Fearing anti-molest signs and measures like women-only carriages will damage Singapore’s reputation in the eyes of tourists, the Singapore government refuse public calls to better protect women in crowded public transport. Speaking in Parliament today (1 Mar) Parliamentary Secretary for Home Affairs Amrin Amin said that the number of molest cases on trains are too few to warrant any anti-molest measures.

“There was an average of 71 outrage of modesty cases on MRT and LRT trains over the last three years. There were 65 such cases in 2013, 79 in 2014 and 69 last year. These numbers have to be seen in the context of an increasing number of passenger trips on trains over the years.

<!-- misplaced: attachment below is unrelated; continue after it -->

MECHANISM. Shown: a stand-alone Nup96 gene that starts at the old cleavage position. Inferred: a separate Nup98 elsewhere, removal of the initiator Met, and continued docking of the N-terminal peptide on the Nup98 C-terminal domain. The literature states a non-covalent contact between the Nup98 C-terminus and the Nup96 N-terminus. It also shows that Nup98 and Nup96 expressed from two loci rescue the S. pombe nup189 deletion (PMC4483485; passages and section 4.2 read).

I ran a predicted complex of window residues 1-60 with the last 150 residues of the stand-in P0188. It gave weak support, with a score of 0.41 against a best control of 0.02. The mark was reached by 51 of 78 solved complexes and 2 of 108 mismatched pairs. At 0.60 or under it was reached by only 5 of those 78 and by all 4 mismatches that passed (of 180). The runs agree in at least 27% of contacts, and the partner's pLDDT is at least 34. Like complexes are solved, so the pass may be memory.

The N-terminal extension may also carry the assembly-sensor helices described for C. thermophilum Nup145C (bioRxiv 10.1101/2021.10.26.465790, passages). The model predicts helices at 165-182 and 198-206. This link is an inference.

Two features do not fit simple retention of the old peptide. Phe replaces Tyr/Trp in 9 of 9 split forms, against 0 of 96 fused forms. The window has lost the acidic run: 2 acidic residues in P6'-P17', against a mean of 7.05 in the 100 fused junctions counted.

There is no need at present to include warning signs in trains, and that there were no plans to introduce women-only carriages, as the number of molest cases on trains were very small, at 5 per cent of total outrage of modesty cases each year.

Our assessment is that the current level of crime prevention messages is sufficient and there is no need at present to include warning signs in trains.”

Like Japan, molest cases in Singapore’s public transport went unreported due to embarrassment of molest victims. Molest victims would often suffer in silence and choose not to go through the hassle of a police report as evidence and witnesses are mostly almost non-existent.